This paper examines disaster capitalism in Chile, that is, the relationships between disasters and neoliberalism. It looks at two post-disaster dimensions: disasters as windows of opportunity to introduce political reforms and disasters as occasions for the corporate class to capitalize on such disasters.
Two indices, disaster capitalism (DC) and post-disaster private involvement (PDPI), are proposed for cross-case analysis. They are based on legal records, institutional reports and economic data. The DC assesses the introduction of reforms following disasters, while PDPI evaluates the share of public-private funding used for recovery. Both indices are applied here to two disasters in Chile: the 2010 Maule earthquake, and the 2008 Chaitén volcanic eruption.
Results show that the highly neoliberal Chilean context leaves limited space for new neoliberal reforms. Although recovery is implemented predominantly through the private sector, the state still assumes greater responsibility for recovery costs. Results also detect poor levels of participation from the private sector in accounting their efforts and making them publicly available. Likewise, the research suggests that neoliberal reforms become more likely after disasters. However, the preexisting politico-economic context matters. Finally, there is clearly a need for data systematization in post-disaster recovery.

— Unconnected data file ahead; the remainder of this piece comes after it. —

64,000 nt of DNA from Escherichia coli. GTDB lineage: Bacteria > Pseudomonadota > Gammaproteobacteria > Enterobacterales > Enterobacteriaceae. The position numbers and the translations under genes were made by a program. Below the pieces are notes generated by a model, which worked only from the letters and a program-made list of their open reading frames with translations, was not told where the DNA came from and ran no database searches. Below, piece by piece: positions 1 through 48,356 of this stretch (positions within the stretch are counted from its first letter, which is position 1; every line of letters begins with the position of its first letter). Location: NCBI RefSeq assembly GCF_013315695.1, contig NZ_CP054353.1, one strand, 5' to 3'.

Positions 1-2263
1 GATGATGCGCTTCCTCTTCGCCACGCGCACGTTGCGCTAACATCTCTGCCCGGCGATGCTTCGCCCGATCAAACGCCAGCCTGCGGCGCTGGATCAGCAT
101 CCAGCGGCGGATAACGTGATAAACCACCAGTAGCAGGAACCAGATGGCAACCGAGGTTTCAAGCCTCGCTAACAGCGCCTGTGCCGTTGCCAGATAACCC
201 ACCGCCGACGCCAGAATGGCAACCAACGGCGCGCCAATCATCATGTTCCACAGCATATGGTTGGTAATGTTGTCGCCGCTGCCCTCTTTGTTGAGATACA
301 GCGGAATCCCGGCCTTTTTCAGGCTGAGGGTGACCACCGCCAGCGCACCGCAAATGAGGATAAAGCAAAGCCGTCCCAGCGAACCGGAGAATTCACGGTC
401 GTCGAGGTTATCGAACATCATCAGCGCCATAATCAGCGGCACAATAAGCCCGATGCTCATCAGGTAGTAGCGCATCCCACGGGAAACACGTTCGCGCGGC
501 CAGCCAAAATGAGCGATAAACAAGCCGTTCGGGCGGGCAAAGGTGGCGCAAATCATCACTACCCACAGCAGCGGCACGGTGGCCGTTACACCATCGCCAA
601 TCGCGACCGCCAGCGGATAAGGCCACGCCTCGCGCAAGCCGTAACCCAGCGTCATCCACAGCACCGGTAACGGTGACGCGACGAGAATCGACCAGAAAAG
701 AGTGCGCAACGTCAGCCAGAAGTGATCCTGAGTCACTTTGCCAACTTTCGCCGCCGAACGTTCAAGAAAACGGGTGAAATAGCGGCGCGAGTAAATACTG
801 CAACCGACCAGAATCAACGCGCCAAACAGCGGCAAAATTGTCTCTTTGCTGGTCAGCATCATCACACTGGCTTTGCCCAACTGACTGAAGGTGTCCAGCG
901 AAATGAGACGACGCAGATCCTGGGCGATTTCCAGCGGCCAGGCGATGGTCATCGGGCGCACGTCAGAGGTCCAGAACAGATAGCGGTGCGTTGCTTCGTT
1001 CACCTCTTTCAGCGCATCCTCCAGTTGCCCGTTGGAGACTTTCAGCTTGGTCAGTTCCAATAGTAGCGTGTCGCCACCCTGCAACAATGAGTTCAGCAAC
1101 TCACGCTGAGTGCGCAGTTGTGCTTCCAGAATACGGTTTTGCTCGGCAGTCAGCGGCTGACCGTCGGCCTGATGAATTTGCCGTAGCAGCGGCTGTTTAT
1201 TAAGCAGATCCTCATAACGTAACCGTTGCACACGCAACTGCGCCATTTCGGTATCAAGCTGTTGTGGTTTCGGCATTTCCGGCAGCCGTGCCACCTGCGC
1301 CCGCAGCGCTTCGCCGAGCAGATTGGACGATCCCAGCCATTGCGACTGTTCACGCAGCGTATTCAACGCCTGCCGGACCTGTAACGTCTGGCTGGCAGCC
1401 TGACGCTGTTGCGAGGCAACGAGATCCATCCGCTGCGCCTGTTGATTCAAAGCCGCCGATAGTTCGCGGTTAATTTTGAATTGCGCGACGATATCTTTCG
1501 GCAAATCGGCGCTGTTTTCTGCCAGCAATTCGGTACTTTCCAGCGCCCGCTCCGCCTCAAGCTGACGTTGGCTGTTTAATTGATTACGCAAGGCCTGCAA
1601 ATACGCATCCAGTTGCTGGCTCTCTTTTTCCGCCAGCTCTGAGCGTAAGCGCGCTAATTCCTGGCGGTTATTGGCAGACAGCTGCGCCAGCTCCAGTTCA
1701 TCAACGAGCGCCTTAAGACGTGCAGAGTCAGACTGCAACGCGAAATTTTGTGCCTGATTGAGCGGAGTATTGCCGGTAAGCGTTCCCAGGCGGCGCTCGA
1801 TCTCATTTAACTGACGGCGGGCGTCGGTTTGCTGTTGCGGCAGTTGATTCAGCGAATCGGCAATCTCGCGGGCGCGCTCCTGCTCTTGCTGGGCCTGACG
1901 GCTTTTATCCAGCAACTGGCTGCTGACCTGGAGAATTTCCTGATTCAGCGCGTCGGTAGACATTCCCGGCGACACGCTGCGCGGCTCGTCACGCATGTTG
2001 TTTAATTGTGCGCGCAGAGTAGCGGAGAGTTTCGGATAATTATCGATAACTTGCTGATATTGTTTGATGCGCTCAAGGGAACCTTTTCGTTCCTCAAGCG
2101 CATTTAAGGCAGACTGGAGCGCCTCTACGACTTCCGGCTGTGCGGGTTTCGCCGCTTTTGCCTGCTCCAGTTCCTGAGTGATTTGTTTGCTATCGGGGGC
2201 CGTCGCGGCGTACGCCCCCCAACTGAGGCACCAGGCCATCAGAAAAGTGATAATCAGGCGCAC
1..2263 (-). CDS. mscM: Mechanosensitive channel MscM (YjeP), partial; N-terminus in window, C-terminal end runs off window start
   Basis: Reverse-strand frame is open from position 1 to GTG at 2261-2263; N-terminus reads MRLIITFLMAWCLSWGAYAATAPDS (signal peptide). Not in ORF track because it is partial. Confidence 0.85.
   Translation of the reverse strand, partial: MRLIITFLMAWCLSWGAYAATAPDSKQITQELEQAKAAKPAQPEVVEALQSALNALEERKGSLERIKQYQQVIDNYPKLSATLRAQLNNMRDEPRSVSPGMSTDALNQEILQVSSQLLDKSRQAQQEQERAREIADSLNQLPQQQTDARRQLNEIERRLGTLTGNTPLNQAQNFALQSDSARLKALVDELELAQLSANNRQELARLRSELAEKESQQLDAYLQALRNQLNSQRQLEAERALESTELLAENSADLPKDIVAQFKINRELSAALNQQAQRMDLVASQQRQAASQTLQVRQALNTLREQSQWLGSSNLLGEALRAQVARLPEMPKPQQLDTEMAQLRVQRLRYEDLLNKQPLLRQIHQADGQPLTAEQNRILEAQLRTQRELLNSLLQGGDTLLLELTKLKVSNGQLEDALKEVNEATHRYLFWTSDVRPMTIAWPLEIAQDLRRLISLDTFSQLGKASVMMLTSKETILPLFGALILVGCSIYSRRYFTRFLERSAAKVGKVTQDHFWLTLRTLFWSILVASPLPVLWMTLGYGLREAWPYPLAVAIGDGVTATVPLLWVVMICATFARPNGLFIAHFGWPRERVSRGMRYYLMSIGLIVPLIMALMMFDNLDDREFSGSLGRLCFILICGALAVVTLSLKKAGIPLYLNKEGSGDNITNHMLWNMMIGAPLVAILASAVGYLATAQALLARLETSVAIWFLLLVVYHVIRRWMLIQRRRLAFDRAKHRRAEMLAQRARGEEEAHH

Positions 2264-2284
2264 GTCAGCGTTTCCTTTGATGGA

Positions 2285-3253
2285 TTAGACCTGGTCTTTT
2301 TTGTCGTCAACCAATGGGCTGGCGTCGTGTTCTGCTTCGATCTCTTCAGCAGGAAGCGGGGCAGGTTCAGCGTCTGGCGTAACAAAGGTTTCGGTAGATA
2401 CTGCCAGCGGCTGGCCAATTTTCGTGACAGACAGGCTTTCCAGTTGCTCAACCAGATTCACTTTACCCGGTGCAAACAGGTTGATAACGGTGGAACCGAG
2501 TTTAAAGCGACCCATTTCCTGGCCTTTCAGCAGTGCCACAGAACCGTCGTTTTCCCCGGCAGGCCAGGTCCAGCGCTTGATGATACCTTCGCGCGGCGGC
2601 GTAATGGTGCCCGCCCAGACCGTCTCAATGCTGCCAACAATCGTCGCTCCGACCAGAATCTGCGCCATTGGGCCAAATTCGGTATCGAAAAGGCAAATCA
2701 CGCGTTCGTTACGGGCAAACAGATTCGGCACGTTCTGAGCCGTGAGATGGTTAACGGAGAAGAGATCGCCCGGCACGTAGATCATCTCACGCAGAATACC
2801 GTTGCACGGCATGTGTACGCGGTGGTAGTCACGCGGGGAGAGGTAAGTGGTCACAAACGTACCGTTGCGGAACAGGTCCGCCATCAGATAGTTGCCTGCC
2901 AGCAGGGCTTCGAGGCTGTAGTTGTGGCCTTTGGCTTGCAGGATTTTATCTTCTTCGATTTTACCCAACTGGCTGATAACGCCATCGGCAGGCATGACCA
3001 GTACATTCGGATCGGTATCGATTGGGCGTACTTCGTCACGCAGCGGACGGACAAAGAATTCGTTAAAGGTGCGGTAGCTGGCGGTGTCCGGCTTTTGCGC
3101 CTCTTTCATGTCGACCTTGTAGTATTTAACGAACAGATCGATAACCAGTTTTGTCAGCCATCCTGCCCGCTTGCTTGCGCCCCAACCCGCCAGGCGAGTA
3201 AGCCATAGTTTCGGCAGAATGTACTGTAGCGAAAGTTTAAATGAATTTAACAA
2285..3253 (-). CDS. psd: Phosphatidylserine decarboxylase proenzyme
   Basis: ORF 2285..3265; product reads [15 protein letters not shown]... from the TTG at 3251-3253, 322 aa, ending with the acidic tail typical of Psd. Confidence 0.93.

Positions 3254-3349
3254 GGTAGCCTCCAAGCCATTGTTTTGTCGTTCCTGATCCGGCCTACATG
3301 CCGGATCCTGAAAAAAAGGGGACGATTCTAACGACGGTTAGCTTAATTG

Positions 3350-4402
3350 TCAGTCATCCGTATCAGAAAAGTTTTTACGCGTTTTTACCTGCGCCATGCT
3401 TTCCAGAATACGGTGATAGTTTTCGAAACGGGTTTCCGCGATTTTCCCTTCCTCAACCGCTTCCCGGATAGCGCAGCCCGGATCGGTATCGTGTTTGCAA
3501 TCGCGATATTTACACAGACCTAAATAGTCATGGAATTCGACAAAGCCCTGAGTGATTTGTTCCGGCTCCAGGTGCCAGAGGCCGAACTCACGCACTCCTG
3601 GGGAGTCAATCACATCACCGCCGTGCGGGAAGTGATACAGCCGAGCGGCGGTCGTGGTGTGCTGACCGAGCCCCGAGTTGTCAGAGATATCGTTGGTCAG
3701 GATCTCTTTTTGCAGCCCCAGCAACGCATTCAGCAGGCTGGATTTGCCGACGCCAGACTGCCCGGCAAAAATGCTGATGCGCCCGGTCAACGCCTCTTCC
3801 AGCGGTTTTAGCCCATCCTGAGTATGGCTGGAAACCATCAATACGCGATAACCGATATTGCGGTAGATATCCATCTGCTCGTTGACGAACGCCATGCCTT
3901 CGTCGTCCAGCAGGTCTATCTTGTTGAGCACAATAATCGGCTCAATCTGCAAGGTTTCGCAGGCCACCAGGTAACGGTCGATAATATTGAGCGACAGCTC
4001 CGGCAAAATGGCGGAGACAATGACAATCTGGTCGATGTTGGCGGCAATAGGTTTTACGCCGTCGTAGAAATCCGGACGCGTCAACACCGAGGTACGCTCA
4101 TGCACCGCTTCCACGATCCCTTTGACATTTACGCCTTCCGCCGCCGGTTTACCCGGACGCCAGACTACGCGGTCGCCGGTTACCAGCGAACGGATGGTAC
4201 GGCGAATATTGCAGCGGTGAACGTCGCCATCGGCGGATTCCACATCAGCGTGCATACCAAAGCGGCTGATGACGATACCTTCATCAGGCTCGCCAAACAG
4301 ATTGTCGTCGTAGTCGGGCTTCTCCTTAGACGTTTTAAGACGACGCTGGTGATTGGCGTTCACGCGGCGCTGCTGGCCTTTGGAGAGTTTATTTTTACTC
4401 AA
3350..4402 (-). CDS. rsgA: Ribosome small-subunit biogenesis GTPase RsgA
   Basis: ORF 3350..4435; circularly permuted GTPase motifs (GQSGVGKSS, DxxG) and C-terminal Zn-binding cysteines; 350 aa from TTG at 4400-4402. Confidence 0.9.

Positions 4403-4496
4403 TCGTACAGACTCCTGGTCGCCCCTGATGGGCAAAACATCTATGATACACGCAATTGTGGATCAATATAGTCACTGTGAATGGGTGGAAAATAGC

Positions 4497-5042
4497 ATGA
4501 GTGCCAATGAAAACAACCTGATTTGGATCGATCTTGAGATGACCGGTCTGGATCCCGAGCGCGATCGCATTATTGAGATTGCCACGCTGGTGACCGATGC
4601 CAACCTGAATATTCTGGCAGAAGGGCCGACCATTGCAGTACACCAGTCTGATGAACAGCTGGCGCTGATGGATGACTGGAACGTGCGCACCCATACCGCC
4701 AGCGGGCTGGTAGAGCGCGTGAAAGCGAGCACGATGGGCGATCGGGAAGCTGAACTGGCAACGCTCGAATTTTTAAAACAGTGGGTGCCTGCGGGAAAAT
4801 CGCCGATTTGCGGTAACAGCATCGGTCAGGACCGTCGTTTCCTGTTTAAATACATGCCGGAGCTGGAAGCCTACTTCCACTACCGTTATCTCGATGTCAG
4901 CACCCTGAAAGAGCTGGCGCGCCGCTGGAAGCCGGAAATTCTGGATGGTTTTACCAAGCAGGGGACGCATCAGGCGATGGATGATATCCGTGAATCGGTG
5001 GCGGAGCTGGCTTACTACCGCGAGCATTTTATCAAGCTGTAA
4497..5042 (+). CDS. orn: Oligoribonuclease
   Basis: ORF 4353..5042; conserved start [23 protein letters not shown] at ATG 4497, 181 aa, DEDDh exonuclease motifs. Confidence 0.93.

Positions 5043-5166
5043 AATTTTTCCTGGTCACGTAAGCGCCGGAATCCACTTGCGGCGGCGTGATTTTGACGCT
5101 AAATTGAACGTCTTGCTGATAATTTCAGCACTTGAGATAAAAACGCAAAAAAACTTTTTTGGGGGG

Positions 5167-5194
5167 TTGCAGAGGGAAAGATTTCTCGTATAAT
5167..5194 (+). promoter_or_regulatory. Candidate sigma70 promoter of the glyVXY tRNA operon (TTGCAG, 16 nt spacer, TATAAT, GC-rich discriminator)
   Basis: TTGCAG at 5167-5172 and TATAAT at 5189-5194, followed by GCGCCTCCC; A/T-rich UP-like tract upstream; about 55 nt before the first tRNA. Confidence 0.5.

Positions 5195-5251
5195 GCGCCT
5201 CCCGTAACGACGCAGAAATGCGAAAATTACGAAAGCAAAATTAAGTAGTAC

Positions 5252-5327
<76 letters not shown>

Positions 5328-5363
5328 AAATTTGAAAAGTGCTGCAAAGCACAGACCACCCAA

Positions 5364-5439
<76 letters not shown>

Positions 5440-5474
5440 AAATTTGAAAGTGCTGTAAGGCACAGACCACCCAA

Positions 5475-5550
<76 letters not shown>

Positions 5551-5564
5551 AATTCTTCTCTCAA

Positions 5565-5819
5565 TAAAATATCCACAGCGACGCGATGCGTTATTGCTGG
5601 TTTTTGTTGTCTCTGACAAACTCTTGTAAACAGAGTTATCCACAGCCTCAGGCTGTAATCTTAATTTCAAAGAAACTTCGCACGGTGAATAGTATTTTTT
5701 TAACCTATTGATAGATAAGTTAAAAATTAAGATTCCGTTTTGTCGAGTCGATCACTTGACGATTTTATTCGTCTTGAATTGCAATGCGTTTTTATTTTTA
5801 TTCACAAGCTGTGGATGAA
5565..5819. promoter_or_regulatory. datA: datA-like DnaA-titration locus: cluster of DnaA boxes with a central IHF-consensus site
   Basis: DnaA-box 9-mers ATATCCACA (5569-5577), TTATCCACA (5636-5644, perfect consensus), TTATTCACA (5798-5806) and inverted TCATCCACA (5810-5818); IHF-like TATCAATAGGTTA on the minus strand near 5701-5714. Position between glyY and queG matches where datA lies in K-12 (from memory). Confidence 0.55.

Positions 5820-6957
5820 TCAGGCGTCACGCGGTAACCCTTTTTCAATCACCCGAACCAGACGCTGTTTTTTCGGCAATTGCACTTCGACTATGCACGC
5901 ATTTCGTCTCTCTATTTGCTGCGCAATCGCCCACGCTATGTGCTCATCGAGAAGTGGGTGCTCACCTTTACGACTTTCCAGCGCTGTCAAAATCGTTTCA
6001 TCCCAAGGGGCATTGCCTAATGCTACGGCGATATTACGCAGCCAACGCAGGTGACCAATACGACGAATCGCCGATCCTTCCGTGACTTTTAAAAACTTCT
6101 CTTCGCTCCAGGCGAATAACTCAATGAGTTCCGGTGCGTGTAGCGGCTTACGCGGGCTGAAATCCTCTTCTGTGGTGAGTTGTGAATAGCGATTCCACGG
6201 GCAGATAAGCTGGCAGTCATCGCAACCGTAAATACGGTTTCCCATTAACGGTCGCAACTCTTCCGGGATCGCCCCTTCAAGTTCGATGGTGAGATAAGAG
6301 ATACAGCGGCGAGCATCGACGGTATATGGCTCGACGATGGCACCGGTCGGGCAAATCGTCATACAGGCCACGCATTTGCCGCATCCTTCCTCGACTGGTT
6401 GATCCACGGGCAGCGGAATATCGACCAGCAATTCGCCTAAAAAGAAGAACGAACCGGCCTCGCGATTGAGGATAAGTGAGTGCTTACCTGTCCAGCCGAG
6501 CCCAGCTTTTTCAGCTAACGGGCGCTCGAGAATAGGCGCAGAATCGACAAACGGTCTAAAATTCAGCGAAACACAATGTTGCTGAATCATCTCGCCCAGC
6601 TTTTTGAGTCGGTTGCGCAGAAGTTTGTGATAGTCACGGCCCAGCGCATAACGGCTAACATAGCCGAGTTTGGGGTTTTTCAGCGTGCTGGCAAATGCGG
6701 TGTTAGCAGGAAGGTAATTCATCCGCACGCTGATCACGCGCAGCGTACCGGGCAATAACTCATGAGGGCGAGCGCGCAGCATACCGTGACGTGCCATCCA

In the Chilean context, the indices proved beneficial as a strategy for data collection and a method for scrutinizing the implications of neoliberal policy implemented in the wake of disasters, as well as in evaluating the role of the corporate class during recovery.
Sandoval, V., Gonzalez-Muzzio, C., Villalobos, C., Sarmiento, J.P. and Hoberman, G. (2020), "Assessing disaster capitalism in post-disaster processes in Chile: neoliberal reforms and the role of the corporate class", Disaster Prevention and Management, Vol. ahead-of-print No. ahead-of-print. https://doi.org/10.1108/DPM-01-2020-0005Download as .RIS
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